MS. GRACE responded in the affirmative.                                       
 Number 1156                                                                   
 REPRESENTATIVE ROKEBERG advised members that he was pleased to hear           
 the testimony of Ms. Grace because it corroborated his                        
 understanding of the fact that, while he did attend a law school in           
 the state of California, and clearly, the understanding of the                
 California ethos, as related to the law, did not serve the purposes           
 of the state of Alaska well.  He advised members that he strongly             
 supported HJR 30.                                                             
 REPRESENTATIVE CON BUNDE moved to report HJR 30 out of committee              
 with individual recommendations and a zero fiscal note.  There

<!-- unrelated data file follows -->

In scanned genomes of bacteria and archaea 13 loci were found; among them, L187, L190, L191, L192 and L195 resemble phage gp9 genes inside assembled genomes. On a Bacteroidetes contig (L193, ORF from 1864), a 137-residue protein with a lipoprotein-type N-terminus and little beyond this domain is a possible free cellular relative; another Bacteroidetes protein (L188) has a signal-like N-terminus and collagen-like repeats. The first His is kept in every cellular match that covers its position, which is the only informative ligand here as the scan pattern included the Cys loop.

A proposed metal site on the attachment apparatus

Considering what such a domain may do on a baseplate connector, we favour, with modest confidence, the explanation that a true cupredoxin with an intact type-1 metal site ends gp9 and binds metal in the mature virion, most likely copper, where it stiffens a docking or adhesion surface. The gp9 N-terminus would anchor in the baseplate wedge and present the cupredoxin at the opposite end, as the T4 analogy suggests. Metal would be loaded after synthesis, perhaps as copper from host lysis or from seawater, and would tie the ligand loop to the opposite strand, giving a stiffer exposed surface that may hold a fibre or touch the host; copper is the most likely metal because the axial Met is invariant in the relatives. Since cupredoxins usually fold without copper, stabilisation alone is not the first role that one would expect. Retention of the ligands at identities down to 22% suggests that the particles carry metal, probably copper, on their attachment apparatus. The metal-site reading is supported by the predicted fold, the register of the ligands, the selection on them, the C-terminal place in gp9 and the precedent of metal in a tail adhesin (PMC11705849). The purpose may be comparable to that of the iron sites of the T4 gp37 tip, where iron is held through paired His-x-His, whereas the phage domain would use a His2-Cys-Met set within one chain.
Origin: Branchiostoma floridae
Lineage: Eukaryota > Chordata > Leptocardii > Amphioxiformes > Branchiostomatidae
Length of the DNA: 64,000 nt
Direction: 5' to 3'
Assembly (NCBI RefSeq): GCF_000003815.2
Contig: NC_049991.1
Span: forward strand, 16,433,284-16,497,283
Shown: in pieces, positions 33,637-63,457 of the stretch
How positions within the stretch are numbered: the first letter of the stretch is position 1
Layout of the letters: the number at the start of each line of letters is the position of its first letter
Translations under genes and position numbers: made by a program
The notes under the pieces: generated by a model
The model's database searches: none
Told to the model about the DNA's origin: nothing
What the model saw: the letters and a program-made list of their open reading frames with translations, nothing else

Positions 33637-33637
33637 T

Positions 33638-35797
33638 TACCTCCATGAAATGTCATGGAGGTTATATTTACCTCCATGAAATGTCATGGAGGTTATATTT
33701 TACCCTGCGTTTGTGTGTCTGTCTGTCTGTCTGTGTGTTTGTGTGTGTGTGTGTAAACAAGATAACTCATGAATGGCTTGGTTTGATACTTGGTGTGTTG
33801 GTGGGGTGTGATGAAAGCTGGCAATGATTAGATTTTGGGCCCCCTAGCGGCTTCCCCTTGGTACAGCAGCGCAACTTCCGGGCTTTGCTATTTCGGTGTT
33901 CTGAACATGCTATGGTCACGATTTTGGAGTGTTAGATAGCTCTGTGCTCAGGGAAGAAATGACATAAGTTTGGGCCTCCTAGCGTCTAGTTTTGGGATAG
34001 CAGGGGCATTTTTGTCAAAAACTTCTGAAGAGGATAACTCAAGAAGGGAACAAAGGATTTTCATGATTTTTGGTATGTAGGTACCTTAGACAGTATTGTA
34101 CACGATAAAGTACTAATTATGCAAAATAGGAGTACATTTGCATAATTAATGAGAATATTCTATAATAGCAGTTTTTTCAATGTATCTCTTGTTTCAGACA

being no objection, HJR 30 was reported out of the House Judiciary            
 CHAIRMAN GREEN announced that the House Judiciary Committee would             
 go into recess for the purpose of attending the funeral of former             
 State Representative Bob Ward.  The committee would recess at 2:15            
 p.m., and reconvene at 5:30 p.m.  Chairman Green pointed out that             
 because of that, he would take testimony from two people on HB 207,           
 and they would then revert back to SB 41 when the committee                   
 reconvened at 5:30 p.m.